Currently viewing Vol. 3 • Issue 6 • 2016



Interview with Earl Harford

In recognition of his many accomplishments and recent passing, we’re reprinting an interview with audiology pioneer Earl Harford.

Establishing Clinical Normative Data for Wideband Tympanometry Measurements

For Wideband Tympanometry Measurements (WBT) to be more widely implemented in clinical settings, normative data that are collected from specific clinical populations are needed. The primary goal of this study is to establish WBT normative data for the population served at University of the Pacific Hearing and Balance Center in San Francisco, US.

Implementing an Effective Hearing Conservation Program for Dental Students

Of the 10 million individuals with hearing loss living in the United States many have developed noise-induced hearing loss (NIHL) from exposure to occupational noise. This paper by Monika Sharma and colleagues looks at one specific occupation at risk for NIHL, the field of dentistry.

Is there a Role for Evoked Potentials in the Hearing Aid Fitting?

Although hearing aid technology has improved dramatically, some problems persist and hard to predict leading to poor hearing aid acceptance. Samira Anderson’s hypothesis is that the lack of hearing aid acceptance may be due in part to age- and hearing-related changes in the central processing of sound in the auditory nerve, brainstem, or cortex that affect the neural representation of the speech signal.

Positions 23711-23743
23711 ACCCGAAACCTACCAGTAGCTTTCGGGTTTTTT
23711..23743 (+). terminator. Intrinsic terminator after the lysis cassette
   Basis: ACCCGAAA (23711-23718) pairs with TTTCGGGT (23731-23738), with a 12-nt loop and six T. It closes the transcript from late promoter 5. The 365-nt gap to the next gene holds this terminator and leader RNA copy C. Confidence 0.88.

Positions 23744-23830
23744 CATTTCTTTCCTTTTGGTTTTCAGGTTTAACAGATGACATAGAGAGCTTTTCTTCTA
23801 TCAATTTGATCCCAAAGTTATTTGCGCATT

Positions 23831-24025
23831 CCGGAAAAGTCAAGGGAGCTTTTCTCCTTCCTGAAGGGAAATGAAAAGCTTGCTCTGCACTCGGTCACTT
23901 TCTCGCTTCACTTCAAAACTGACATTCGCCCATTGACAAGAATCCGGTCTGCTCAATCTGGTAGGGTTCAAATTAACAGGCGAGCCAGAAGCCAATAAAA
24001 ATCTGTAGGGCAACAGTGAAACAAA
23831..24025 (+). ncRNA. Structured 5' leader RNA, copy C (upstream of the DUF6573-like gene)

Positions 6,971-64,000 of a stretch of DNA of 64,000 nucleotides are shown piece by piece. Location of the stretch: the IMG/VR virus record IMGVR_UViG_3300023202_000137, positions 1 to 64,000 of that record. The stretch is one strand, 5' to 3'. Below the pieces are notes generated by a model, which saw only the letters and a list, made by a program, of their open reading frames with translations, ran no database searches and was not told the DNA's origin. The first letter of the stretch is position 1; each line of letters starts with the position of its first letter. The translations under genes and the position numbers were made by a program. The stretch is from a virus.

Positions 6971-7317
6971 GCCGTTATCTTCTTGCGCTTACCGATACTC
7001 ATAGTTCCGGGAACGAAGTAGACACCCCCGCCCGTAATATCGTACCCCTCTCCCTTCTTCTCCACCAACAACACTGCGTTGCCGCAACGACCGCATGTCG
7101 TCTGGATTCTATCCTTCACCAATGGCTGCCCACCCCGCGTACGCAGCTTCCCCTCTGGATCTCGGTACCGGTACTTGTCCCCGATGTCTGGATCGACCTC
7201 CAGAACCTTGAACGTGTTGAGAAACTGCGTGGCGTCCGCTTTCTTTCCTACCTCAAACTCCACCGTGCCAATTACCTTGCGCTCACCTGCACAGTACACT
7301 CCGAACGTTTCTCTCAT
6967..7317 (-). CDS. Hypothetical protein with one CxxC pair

The Wired Audiologist

Hearing in the car is a challenging listening environment for people with hearing loss. Peter Stelmacovich provides us with some possible technological solutions.

Other People's Ideas

Courtesy of our friends at, Calvin Staples explores the latest blogs on Meniere’s disease.

The Way I Hear It

In this issue’s instalment, Gael Hannan tells us about the magic that can happen with the right kind of HoH meets the right kind of Pro.


The “Trends” column returns with a tale of “The Mysterious Cartilaginous/Bony Ear Canal Junction.”

Science Matters

Do you know how loud ballons can be? If you don’t know the answer, this article by Bill Hodgetts and Dylan Scott may surprise you.

Back to Basics

Marshall Chasin explains that if you’re using Google Translate during your basic audiology assessment, you have to remember that translations may not be entirely accurate.

Striking the Right Balance

In this edition of "Striking the Right Balance," two audiology students interview two private practice physiotherapists in an effort to learn more about including vestibular rehabilitation in audiology practice and how the two professions overlap when managing vestibular patients.
Editorial Committee